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On Monday in Southern California, Herbert Hyman, the founder of The Coffee Bean and Tea Leaf, died at the age of 82.
According to The Associated Press, his daughter Anne-Marie Hyman said her father died of natural causes after suffering from a decline in his health.
While a student at the University of California, Los Angeles, Hyman didn’t graduate, instead choosing to continue working as an entrepreneur after founding a vending machine business. Together with his wife Mona, they founded The Coffee Bean and Tea Leaf, after taking a trip to Sweden.
The Los Angeles Times reported Hyman as an instrumental force in America’s love for gourmet coffee. Today, The Coffee Bean and Tea Leaf chain has over 900 locations in 29 different countries.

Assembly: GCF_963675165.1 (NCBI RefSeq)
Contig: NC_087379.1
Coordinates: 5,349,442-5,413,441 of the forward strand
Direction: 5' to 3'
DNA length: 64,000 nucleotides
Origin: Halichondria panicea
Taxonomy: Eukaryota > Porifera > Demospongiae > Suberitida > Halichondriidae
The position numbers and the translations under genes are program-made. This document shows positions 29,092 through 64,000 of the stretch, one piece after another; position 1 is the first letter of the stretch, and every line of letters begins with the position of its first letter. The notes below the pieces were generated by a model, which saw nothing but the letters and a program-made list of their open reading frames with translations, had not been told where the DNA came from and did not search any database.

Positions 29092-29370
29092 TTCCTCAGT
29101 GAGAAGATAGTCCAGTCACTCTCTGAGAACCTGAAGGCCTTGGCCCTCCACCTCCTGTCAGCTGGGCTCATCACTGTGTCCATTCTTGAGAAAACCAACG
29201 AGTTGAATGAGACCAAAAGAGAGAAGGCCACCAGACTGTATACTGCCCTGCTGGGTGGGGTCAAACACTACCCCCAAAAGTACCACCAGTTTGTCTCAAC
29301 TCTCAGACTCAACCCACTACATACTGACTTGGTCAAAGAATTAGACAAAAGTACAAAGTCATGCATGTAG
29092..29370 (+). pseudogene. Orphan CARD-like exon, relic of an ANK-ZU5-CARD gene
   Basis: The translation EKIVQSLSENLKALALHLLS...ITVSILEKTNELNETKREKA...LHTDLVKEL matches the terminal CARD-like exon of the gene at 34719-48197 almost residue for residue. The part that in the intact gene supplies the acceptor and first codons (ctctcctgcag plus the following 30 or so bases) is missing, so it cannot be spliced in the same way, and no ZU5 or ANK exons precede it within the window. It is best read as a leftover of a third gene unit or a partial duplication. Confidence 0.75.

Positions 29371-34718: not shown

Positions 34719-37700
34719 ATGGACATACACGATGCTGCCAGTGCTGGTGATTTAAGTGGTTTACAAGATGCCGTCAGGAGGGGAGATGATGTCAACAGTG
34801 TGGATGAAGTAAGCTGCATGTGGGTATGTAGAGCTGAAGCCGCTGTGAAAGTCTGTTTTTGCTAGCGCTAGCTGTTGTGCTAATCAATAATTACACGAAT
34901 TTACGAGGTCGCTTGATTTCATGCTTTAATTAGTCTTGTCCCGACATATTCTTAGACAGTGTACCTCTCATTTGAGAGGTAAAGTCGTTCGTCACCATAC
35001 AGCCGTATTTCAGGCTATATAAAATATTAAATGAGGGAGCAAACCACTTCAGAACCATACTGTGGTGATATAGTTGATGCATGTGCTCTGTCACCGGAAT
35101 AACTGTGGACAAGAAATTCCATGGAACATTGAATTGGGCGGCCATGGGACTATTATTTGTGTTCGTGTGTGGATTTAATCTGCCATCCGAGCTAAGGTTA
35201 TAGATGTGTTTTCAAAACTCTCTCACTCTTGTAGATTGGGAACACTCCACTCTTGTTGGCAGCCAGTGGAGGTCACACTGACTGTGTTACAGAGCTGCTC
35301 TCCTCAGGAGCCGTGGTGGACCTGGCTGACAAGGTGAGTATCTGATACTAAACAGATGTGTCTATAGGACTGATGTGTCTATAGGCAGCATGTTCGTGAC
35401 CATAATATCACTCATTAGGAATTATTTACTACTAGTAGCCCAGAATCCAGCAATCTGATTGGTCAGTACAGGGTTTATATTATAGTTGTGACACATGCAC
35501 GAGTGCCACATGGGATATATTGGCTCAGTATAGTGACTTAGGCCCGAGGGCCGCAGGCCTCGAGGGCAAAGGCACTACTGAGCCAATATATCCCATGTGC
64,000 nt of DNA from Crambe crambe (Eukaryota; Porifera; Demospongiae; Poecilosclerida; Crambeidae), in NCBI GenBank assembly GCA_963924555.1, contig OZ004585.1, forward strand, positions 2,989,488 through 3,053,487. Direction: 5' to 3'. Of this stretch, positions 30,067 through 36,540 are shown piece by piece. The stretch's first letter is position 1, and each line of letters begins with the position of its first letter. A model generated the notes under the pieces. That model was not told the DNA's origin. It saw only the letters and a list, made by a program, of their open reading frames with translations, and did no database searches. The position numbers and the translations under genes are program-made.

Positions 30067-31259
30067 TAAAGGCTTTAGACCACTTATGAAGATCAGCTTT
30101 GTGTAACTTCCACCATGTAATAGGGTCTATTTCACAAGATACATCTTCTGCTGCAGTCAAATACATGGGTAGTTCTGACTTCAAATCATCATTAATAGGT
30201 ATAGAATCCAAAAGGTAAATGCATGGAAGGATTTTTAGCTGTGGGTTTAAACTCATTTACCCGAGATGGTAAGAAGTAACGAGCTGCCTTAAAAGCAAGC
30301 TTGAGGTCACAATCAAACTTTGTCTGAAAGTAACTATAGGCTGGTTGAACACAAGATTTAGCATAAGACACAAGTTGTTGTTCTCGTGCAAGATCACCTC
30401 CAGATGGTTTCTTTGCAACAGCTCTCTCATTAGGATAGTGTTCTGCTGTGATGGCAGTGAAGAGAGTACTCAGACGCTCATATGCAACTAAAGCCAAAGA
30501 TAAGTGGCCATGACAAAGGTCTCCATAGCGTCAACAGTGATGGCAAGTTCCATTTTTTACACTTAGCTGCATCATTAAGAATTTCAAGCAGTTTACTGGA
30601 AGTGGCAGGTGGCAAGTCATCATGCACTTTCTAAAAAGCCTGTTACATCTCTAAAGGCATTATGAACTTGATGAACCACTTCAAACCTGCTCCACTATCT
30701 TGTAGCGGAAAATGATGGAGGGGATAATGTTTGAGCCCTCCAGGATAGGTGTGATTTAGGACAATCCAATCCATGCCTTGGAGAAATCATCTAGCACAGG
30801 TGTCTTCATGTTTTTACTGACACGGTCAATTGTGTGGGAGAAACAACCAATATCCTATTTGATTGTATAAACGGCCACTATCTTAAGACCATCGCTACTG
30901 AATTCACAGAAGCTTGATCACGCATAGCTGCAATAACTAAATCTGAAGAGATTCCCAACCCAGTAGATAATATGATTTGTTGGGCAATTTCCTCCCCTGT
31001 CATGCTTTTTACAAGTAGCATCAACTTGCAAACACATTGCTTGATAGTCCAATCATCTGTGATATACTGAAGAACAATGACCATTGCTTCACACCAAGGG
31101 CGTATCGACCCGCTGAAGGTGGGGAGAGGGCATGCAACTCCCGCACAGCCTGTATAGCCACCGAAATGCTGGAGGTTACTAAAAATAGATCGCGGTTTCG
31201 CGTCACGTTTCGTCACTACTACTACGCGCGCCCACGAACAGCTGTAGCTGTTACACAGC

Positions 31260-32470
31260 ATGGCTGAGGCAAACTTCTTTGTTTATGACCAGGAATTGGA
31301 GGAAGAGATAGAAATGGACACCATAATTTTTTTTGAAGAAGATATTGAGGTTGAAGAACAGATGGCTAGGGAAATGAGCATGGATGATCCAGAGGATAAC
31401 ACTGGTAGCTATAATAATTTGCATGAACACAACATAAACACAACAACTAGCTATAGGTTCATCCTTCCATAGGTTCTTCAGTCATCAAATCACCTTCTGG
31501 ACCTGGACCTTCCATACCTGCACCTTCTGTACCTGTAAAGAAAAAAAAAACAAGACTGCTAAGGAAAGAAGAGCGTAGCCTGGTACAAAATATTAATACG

When he made the decision to go into the business of “importing, roasting and selling gourmet coffee,” Hyman decided to do so in Brentwood, which he felt would have the client base most interested in the high-end coffee he wanted to sell.
Jim Stewart, founder of Seattle’s Best Coffee, began roasting at Hyman’s original store, Coffee Bean. He spoke of Hyman as being “a ‘grandfather of specialty coffee in the U.S. His standards were just unyielding. He was so very particular about coffee.’”
Hyman looked for quality in his coffee and would pay high prices so his suppliers would continue to stay in business, according to The Los Angeles Times.
While Hyman, sold the company in 1998, according to The Associated Press, the company said in a statement, “We continue to uphold his vision and passion for sourcing the highest quality coffee and tea from around the world, and are forever indebted to the Hyman family for starting this incredible brand and business.”
Hyman is survived by his wife, Mona, a brother and sister, two sons and three daughters, and six grandchildren.